Memorize the Future
April 2, 2019
We live in a new age of data, ushered in by the advancements in AI, machine learning and big data analytics. The proliferation of sensors and cameras, all connected by the Internet of Things collects more and more data. In an on-demand economy these data cannot be processed fast enough to allow service providers to respond. The volume, variety, and velocity of data and the need to draw insights from them are unprecedented.
The infrastructure of data struggles to keep up. Modern data-centric applications work with a wide spectrum of data, ranging from batch processing of large files, to stream processing of data on the fly, to ad hoc queries for immediate insights. There has not been a storage system that can perform well with all of these access patterns. To remedy this, many newer data-centric platforms and frameworks are memory-centric, utilizing DRAM as the fastest tier of storage. DRAM has excellent performance characteristics, but it is volatile, and its size is limited by the physics of the media. As a consequence, two of the biggest bottlenecks in an enterprise data center are the performance of storage I/O and the size of memory.
Today marks the beginning of the end to these two pain points. Intel officially shipped Optane DC Persistent Memory, the first of its kind commercially available to the public. This new media consists of novel physical devices that combine the best of both worlds between DRAM and NAND Flash. It is close in speed to DRAM to be used as byte-addressable main memory, and at the same time it is non-volatile like NAND Flash and has 10x size comparing to DRAM.
In the history of computing, memory and storage have been two different concepts. Memory is used to place an application’s running state, accessed by load/store operations, while storage is used to reliably persist data that can survive power cycles. The introduction of persistent memory opens up the possibility of a new infrastructure that unifies memory and storage.
That is the infrastructure we architected. We call this new architecture Memory Converged Infrastructure (MCI). It combines the powers of persistent memory, hyper-converged architecture, container application deployment model and it collapses computing and storage onto a single scale-out cluster of appliances or servers. MCI storage service operates at memory speed, and dramatically accelerates both latency and bandwidth, for both random and sequential accesses. MCI memory service expands the size of memory leveraging the higher capacity of persistent memory as well as memories from other nodes in a cluster interconnected by RDMA. MCI is an architecture that can offer storage services and memory services in tandem, while supporting the backward compatibility of the applications.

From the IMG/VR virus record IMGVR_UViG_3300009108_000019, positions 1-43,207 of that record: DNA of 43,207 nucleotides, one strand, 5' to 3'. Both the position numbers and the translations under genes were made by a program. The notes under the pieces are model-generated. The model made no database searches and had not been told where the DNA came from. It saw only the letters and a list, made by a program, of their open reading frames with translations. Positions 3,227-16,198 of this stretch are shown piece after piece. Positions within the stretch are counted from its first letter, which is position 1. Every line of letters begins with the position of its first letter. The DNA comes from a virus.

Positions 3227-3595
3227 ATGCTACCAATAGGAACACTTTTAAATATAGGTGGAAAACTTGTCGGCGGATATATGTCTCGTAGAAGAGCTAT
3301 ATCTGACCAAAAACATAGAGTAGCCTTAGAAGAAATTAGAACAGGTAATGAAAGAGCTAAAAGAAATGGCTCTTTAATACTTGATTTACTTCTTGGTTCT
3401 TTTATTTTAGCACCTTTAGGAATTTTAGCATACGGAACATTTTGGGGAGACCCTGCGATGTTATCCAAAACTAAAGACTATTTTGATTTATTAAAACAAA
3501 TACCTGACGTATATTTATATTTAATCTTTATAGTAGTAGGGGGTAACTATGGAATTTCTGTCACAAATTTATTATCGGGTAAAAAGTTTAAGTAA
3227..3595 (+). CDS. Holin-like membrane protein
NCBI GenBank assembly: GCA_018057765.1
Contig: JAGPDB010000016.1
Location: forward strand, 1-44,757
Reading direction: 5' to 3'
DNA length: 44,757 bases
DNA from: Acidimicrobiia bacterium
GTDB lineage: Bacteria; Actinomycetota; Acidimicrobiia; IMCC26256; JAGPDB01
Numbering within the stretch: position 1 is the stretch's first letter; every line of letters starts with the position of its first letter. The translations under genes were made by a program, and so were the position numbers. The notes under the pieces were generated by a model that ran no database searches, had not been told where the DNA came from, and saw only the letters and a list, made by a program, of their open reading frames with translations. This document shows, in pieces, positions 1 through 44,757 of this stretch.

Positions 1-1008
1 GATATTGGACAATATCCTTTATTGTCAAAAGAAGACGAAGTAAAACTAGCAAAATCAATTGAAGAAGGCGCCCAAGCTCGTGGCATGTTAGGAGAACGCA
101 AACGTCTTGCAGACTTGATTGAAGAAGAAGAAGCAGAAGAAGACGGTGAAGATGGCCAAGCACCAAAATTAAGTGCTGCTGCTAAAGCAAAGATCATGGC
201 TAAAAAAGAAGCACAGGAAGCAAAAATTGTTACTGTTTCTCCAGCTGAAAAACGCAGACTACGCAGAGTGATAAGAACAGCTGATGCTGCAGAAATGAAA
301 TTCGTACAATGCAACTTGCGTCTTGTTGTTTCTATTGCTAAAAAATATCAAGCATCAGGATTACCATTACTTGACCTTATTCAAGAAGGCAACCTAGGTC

Following the MCI architecture, engineers at MemVerge developed a distributed system software called Distributed Memory Objects (DMO) from the ground up. DMO enjoys the advantage of the underlying persistent memory media, and accelerates data-centric workloads dramatically comparing to existing DRAM+SSD/HDD infrastructure. Customers can deploy DMO either as appliances, or as software onto their own servers. Data-centric applications such as Spark, Presto and Tensorflow can be deployed easily on top of DMO, leveraging Kubernetes. We believe DMO will become the infrastructure of choice for many of these applications.
Over the last year, we have been working closely with a number of forward-looking customers, defining our product, and deploying the Alpha version of our product as proofs-of-concept. Both machine learning and data warehousing applications have been deployed on top of our system and we witnessed promising results. Now we are ready to announce the Beta availability of DMO and would like to invite more customers to try out this exciting future!
Talking about the future, we believe the future of storage is memory. We at MemVerge are building a software bridge between that future and the applications of today and tomorrow. This promises to be an exciting journey, and we are proud to announce today that we are taking the first step.
We invite you to join us on this journey!